BOSTON — Opioid addicts seeking medication-assisted treatment face myriad barriers in Massachusetts, according to a new report, which calls for more resources and changes in policy to improve access to the programs.
The report is the work of an 18-member commission that looked at access to programs that use three federally approved anti-addiction medications — methadone, buprenorphine and naltrexone — to help addicts get clean.
It found numerous barriers to treatment, ranging from a lack of providers and onerous regulations, to local opposition to treatment facilities and reluctance among physicians to treat opioid addicts.
The commission is comprised of state officials, lawmakers, physicians and substance abuse experts.
"There's still a lot of stigma out there, in the community as well as the medical field," said Dr. Norma Lopez, an addiction specialist at the North Shore Physicians Group in Lynn. "We need to do a better job explaining that this is not a moral failing, it's a chronic condition that requires medical treatment, no different than diabetes or hypertension."
There is limited access to methadone statewide, the report noted, in part because of strict federal regulations for dispensing the controlled substance to patients.
Specifically, the North of Boston region lacks access to naltrexone programs with only a half-dozen licensed providers scattered around the region, the report noted.
And lack of access to facilities that offer the medication-assisted programs, with many clustered around the metro Boston area, means many patients can't get into treatment.
The report's authors made a litany of recommendations, such as advocating for changes in federal and state laws to allow more access to the programs, expanding training for physicians and medical workers to administer the medicines, and working with local governments to allow more medication-assisted treatment facilities to open.
In 2018, more than 2,000 people died of opioid overdoses in Massachusetts, according to the state Department of Public Health. Most of the deaths involved fentanyl.
There are three types of medication-assisted treatment in use around the state, to varying degrees.
Methadone, which is usually dispensed to addicts who visit clinics for a daily dose, has been used for decades to treat heroin addiction. Until recently, it was one of the only options for medication-assisted therapy. The medication, which acts to block opioid receptors in the brain, can ease withdrawal symptoms that may trigger a relapse.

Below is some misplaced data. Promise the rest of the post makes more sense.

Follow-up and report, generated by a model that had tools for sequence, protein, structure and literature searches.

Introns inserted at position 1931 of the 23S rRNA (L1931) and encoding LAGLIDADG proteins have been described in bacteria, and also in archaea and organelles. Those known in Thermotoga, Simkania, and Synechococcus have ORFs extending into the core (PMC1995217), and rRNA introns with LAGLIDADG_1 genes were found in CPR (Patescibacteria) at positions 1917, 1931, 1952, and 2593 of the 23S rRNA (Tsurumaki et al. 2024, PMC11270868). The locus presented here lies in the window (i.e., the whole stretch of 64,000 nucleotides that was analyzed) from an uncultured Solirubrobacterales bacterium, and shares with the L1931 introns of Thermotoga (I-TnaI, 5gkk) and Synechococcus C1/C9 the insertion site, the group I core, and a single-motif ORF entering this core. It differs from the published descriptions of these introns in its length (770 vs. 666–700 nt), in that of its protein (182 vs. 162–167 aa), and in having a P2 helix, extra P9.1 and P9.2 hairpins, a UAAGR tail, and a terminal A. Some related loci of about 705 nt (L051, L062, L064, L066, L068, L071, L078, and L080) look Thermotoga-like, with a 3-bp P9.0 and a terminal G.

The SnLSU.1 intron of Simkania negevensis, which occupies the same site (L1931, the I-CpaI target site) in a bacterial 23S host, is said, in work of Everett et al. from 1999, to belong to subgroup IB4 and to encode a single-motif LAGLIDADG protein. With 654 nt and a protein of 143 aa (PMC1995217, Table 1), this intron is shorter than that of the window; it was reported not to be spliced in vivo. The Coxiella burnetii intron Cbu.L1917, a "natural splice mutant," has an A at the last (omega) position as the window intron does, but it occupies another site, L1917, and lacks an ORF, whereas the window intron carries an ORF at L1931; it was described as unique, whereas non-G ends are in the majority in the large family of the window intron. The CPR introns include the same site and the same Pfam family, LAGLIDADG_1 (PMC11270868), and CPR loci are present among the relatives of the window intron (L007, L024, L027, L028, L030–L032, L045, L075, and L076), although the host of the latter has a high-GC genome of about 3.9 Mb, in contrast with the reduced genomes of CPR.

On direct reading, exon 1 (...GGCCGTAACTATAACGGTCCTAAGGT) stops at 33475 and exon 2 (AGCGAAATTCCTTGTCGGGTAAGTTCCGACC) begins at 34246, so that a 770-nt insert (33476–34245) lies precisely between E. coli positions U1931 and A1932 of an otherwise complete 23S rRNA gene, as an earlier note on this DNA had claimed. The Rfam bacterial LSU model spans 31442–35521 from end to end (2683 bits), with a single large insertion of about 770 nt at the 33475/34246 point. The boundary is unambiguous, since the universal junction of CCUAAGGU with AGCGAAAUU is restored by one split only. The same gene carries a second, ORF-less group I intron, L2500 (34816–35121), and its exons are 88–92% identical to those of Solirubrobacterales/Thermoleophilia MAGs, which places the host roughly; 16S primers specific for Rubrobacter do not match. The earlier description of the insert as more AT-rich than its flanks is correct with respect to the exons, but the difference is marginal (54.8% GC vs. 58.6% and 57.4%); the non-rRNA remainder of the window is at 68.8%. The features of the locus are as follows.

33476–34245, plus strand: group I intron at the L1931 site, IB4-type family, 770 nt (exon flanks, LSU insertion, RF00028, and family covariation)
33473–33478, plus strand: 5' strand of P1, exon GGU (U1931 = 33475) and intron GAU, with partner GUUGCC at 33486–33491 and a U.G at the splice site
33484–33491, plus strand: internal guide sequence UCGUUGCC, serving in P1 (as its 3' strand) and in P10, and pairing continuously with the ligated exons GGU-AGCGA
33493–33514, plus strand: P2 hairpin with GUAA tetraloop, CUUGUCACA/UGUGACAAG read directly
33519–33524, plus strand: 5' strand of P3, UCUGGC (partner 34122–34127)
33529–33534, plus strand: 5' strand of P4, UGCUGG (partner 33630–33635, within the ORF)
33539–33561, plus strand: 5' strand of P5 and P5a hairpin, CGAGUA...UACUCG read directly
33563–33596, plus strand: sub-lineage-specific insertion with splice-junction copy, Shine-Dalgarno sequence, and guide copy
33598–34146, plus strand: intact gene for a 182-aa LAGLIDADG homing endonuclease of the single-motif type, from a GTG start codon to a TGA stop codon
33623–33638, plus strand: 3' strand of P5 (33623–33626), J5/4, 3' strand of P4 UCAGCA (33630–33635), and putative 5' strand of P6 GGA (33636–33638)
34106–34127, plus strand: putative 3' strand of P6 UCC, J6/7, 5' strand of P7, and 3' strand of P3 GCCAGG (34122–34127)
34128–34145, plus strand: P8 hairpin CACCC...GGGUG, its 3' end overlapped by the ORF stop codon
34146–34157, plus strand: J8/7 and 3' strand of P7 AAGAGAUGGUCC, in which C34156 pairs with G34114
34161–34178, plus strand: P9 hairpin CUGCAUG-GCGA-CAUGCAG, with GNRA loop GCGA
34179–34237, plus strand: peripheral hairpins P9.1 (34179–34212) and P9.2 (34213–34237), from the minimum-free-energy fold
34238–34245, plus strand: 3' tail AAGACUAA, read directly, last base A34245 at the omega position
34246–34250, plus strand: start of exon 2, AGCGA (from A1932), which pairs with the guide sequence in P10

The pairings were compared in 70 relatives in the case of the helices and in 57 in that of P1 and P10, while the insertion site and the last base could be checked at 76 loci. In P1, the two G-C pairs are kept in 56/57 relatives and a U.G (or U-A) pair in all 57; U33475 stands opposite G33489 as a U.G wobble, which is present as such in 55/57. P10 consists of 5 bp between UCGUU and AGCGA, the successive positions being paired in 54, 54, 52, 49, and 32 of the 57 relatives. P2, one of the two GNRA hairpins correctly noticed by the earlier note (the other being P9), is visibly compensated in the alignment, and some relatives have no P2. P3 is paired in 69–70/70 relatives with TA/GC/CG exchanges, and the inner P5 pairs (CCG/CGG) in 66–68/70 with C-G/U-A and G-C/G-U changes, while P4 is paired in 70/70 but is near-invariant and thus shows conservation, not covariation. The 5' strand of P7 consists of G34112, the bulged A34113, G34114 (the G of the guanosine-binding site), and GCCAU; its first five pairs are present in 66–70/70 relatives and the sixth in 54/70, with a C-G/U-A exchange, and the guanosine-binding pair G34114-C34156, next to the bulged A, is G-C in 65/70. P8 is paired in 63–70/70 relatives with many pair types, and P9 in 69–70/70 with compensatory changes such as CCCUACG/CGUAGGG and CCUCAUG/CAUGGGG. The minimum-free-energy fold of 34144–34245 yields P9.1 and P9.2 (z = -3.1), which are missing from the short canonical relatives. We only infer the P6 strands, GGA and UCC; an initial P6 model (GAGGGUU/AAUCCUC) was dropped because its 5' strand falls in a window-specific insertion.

There's buprenorphine, which is sold by its brand name Suboxone and typically prescribed by a doctor, which has become a preferred treatment.
Neither come cheap. While methadone treatments can cost up to $3,500 a year per patient, even the generic form of Suboxone costs two to three times as much, according to the National Association of State Alcohol and Drug Abuse Directors.
And there's naltrexone, a non-narcotic drug often known by its brand name Vivitrol, which is injected monthly. But the drug's hefty price — about $1,300 per shot — also puts it out of reach of some addicts.
The commission's report recommends expanding the use of medication-assisted treatment in the state's jails, where addiction rates are high, to help inmates safely detox and stay clean both behind bars and after release.
A pilot program created as part of a 2018 opioid-related bill signed by Baker authorized sheriffs to offer medication treatment in seven county jails, including Essex and Middlesex.
Middlesex County Sheriff Peter Koutoujian, who offers medication treatment to inmates serving time or awaiting trial at the Middlesex Jail and House of Correction in Billerica, said the commission's report shows more needs to be done both on the inside — and outside — to get people into recovery.
"The fact is you shouldn't have to come to jail to get good treatment," he said. "You should be able to get that in your own community so you don't have to have your life disrupted by becoming incarcerated."
Christian M. Wade covers the Massachusetts Statehouse for The Salem News and its sister newspapers and websites. Email him at email@example.com.